Nav­i­gate the hol­i­day on­slaught of food

Canadian Cycling Magazine - - CONTENTS - By Matthew Kadey

As the fes­tive sea­son, and the sea­son of in­dul­gences, revs up, your healthy diet can get un­sad­dled when you’re faced with a dizzy­ing ar­ray of fatty meats, calo­rie-bomb dips and tempt­ing sweets. Eat­ing ev­ery­thing in sight at hol­i­day par­ties can be bad news for your rid­ing weight. A study in The new eng­land jour­nal of Medicine de­ter­mined that many peo­ple don’t shed all of their hol­i­day weight gain once it’s packed on. So you don’t emerge from the hol­i­day sea­son feel­ing like a stuffed tur­key, here are some point­ers on how to bunny hop a fes­tiv­ity-in­duced food coma.

Ride, then party Con­sider tak­ing a spir­ited spin be­fore you hit the town. Mounds of stuff­ing and gen­er­ous wedges of pump­kin pie are less likely to make an ap­pear­ance on your waist­line if con­sumed shortly af­ter a sweat fest since more of the calo­ries will be used for re­cov­ery pur­poses.

Plan ahead To make it less likely that you’ll eat ev­ery­thing in sight at get-to­geth­ers, never ar­rive to a party fam­ished and ready to tackle the hors d’oeu­vre table. Fill up some of your tank with satiating high-pro­tein and high-fi­bre foods, such as Greek yo­gurt and salad be­fore you head out the door. Then, the spread of jalapeno pop­pers will seem less tempt­ing.

Get in the kitchen If you have a never-end­ing run of fam­ily meals and par­ties on your sched­ule, be sure to pull on that apron and make some of your own health­ier eats that you can bring along. These events are less likely to tor­pedo your diet if you have some

bet­ter-for-you apps, side dishes and desserts to feast on and share with a hun­gry crowd.

Don’t be a show-off Ac­cord­ing to re­search from Cor­nell Univer­sity, males are prone to stuff­ing them­selves silly in so­cial set­tings such as hol­i­day gath­er­ings. It’s the machismo of out-eat­ing oth­ers. But the im­pli­ca­tions are ob­vi­ous: dou­bling down on mince­meat pie can lead to a bal­loon­ing out­come. In­stead of be­ing proud of eat­ing manly amounts of food, eat just un­til you start to feel full. Then maybe you could men­tion your koms.

Sleep tight Fran­tic hol­i­day sched­ules can eas­ily cut into your shut­eye, which can leave you feel­ing heav­ier on the trainer. A 2017 Bri­tish study showed that adults who re­ported poor sleep pat­terns, such as sleep­ing less than six hours a night, were more likely to gain un­wanted pounds. Other stud­ies have sug­gested that short­ened sleep can leave you more prone to mak­ing poor di­etary choices, such as gorg­ing on the Christ­mas cook­ies float­ing around the of­fice. Do your best to catch plenty of z’s even when faced with mount­ing fam­ily com­mit­ments and hol­i­day shop­ping lists.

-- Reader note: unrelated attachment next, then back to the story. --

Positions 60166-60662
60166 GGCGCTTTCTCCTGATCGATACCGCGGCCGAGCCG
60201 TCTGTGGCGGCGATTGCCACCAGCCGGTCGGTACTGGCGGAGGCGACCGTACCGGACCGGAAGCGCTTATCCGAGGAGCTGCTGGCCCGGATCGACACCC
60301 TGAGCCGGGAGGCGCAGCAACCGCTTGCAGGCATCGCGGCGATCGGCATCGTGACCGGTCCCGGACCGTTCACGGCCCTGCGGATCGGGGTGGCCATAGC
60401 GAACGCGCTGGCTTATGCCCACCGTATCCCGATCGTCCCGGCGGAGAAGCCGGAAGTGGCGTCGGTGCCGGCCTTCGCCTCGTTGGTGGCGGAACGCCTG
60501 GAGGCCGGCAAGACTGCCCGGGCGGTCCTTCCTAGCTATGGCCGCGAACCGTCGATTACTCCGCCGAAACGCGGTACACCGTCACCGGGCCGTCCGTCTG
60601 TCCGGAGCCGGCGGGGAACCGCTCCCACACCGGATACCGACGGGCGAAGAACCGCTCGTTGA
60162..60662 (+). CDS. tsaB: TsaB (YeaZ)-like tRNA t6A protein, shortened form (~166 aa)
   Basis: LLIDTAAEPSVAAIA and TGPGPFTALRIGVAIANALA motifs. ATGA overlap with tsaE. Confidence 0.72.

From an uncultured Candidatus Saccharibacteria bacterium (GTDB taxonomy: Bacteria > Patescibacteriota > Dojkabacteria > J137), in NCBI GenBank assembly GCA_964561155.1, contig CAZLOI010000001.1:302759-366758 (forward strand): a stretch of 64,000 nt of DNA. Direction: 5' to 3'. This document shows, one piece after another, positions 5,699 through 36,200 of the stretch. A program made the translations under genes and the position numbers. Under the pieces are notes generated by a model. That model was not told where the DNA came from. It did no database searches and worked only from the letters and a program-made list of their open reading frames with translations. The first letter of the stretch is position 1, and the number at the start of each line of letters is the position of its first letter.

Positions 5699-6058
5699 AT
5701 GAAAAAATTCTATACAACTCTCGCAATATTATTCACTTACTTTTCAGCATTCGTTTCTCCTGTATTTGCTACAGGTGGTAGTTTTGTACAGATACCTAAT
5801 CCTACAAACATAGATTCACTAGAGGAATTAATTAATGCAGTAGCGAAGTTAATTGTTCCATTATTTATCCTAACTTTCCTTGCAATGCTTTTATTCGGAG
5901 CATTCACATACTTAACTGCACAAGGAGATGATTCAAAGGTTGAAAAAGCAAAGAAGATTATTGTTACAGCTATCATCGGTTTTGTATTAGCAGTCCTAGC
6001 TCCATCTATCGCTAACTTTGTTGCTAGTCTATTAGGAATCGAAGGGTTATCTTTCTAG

Eat your calo­ries One of the best ways to cut back on empty calo­ries is to sip on fewer sea­sonal drinks. The calo­ries from al­co­holic drink mixes, hot choco­late, eg­gnog and ap­ple cider can re­ally add up. Be­cause the body does not reg­is­ter the calo­ries it gleans from liq­uids the same way it does from solid food, you are less likely to feel as full when you take in 400 calo­ries from a glass­ful of eg­gnog than from the same num­ber of tur­key and gravy calo­ries.

Stop chat­ting and chew­ing It’s all too easy to fall into deep con­ver­sa­tion at soirees with a plate of calo­rie-laden food in hand. You get dis­tracted. Be­fore you know it, you’ve pol­ished ev­ery­thing off without feel­ing no­tice­ably full. Stud­ies show that eat­ing while dis­tracted can leave you less sus­cep­ti­ble to sati­ety sig­nals and prone to prac­tis­ing poor por­tion con­trol. Try this: when eat­ing with a crowd, put down your fork or spoon af­ter each bite so you can dis­tin­guish be­tween talk time and chew time.

Have some candied yams with that Ad­ding a small por­tion of a splurge item to an other­wise plate­ful of nu­tri­tious food can trick your brain into think­ing the healthy dish is just as deca­dent as a smor­gas­bord of un­healthy food. A study from Ten­nessee’s Van­der­bilt Univer­sity shows that a phe­nom­e­non called the “vice-virtue bun­dle” works: a good taste brings about sat­is­fac­tion, but so does know­ing you made wise choices over­all. So plac­ing a small slice of cheese­cake on a plate dom­i­nated by lean meats and veg­gies could re­sult in a dou­ble help­ing of ful­fil­ment and keep your off-sea­son diet on track.

Step on the scale When hol­i­day feasts abound, it might be a good idea to keep a scale handy. A study in the Jour­nal of the academy of nu­tri­tion and di­etet­ics found that weigh­ing your­self daily can lead to a greater adop­tion of weight con­trol be­hav­iours and less weight gain. Hop­ping on the scale can help you see if all of those mint choco­lates are start­ing to show up.

Newspapers in English

Newspapers from Canada

© PressReader. All rights reserved.